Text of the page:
Monday, November 14, 2022

Global Flight Paths & Shipping Lanes

24 Hours of Global Air Traffic is an interactive 3D globe which visualizes the actual flight paths of 24 hours of air traffic around the world. The map uses ADS-BExchange data captured on 1st Spetemebr 2022.

More than 200 million data points are shown on this global map of air traffic. Although the visualization uses a Mapbox GL 3D globe the flightpath altitudes are not shown in 3D. However on the map aircraft that were recorded at low altitudes are colored in red and the color purple is used to show aircraft flying at higher altitudes (above 18000 feet). The brightness of the flightpaths increases with the amount of aircraft traffic.

ADS-B Exchange uses crowd-sourced data. This means that the map lacks data in some areas. If there is no one with a receiver near a location then data from an aircraft transponder flying by will not be captured.This is particularly true for smaller aircraft flying at low altitudes. Cruising jet liners flying at higher altitudes are more likely to be tracked.

This map of global shipping density reveals the world's major shipping lanes and also the areas of the world that the major shipping companies avoid. The reasons why some areas of the world's seas and oceans don't see as much traffic as others can vary from geo-political reasons to the dangers of piracy and local sailing conditions.

The live ship tracking map MarineTraffic includes an option to view a density map of the world's shipping traffic. If you select the 'Density Maps' overlay on MarineTraffic you can view an overlay which shows the accumulated recorded data of all vessels on MarineTraffic over recent years.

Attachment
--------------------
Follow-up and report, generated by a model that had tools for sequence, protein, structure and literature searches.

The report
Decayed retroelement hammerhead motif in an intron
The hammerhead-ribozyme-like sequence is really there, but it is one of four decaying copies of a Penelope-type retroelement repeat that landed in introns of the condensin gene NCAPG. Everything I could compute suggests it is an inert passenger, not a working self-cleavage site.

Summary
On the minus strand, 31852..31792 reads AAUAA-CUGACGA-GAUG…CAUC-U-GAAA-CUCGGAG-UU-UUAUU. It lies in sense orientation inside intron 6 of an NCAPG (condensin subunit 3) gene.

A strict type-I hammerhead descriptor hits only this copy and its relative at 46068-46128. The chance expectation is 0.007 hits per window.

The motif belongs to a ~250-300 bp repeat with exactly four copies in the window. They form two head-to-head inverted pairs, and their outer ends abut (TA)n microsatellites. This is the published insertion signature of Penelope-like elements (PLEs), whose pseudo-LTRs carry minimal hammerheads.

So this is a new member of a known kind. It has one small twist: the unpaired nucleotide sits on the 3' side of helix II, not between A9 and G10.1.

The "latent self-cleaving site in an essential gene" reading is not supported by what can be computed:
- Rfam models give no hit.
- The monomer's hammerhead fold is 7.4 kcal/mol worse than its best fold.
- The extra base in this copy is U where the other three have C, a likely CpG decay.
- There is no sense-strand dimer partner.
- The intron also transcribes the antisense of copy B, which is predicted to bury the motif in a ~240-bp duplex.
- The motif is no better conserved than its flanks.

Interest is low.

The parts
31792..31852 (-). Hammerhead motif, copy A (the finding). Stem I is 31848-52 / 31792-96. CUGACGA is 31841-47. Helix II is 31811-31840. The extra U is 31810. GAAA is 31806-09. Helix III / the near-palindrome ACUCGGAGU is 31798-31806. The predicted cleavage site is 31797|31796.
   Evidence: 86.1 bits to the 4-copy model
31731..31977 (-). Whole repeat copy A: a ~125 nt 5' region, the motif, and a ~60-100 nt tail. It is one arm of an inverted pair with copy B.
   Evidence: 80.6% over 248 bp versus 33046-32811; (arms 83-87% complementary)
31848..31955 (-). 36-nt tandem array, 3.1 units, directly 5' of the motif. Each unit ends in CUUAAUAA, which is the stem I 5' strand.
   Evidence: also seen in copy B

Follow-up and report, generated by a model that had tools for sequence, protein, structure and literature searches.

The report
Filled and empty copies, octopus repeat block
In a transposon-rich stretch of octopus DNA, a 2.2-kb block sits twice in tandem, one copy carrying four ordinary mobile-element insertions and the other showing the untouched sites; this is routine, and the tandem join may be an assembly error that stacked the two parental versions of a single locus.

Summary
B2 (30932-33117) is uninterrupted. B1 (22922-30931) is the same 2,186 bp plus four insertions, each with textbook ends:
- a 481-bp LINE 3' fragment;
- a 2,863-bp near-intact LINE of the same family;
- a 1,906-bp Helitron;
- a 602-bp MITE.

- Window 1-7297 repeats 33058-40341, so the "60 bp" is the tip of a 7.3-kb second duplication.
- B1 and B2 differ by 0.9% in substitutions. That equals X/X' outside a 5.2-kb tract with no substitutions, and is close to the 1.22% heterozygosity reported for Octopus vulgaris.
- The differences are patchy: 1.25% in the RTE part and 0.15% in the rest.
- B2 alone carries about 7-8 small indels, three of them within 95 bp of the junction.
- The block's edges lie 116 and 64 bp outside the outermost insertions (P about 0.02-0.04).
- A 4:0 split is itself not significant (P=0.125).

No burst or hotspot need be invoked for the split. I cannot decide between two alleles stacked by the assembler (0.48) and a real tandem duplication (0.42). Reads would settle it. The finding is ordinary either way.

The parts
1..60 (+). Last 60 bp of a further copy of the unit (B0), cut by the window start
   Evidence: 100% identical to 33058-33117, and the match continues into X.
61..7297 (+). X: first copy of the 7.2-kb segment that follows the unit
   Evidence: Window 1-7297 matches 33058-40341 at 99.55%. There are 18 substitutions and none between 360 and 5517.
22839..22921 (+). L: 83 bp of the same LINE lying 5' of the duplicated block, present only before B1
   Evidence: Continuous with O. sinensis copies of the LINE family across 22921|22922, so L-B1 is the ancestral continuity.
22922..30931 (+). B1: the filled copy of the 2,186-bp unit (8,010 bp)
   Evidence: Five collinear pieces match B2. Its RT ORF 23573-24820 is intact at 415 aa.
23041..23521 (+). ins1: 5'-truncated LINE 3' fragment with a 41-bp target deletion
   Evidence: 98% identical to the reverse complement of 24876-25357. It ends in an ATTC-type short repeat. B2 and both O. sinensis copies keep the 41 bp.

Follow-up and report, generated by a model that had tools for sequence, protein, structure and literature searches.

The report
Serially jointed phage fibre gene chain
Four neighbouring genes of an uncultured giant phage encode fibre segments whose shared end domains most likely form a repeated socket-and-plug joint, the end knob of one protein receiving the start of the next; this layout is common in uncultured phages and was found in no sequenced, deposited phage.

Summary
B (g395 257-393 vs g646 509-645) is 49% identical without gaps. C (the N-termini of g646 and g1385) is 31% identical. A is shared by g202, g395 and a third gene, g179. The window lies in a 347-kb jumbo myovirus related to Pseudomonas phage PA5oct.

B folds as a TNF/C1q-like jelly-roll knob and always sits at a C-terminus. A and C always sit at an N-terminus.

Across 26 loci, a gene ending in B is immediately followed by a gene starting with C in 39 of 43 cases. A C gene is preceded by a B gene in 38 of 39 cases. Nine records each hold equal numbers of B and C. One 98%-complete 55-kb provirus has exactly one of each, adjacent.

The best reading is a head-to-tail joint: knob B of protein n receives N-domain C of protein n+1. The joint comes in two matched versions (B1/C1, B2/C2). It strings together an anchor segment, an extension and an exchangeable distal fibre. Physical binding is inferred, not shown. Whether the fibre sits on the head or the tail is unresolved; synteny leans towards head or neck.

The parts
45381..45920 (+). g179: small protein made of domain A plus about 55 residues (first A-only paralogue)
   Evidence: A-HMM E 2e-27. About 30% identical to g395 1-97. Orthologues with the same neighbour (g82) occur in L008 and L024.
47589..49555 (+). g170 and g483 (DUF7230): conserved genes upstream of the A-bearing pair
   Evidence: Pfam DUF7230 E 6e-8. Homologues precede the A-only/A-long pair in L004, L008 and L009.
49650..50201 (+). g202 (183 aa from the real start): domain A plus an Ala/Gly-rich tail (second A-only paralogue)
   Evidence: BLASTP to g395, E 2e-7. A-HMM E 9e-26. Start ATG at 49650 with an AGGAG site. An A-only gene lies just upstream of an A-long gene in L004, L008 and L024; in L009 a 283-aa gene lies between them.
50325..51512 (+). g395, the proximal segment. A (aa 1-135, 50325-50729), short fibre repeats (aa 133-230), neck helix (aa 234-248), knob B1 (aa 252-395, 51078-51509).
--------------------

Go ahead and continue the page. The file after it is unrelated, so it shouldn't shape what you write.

The Gulf of Sirte off the coast of Libya is one area with a low density of ship traffic. According to Wikipedia the dangers to boats in the gulf have been known for centuries, "Ancient writers frequently mention the sandbanks (in the gulf) and their vicinity as dangerous for shipping". Elsewhere marine traffic might avoid coastlines because of Emission Control Areas. The EU, the US and Canada all have controls which force ships to use cleaner and more expensive fuel near coastlines.

The different types of routes and journeys taken by different types of marine vessel around the UK can be seen in a series of maps by Alasdair Rae. In Watching the Ships Go By Alasdair has created a number of static maps showing the vessel tracks of different types of vessel in the coastal waters around the UK. These include maps showing the different routes taken by cargo ships, passenger ships, fishing boats, high speed craft, military vessels, tankers and recreational craft.

You can also explore the different shipping routes of different types of vessel using is an outstanding animated interactive map visualizing the movements of the global merchant shipping fleet over the course of one year. The map uses AIS shipping data from Spire to visualize the movements of different types of cargo ships over the course of 2012. allows you to filter the ships shown on the map by type of cargo vessel. The narrated tour provided with this map also explains some of the interesting patterns that emerge from mapping the worldwide merchant shipping trade.

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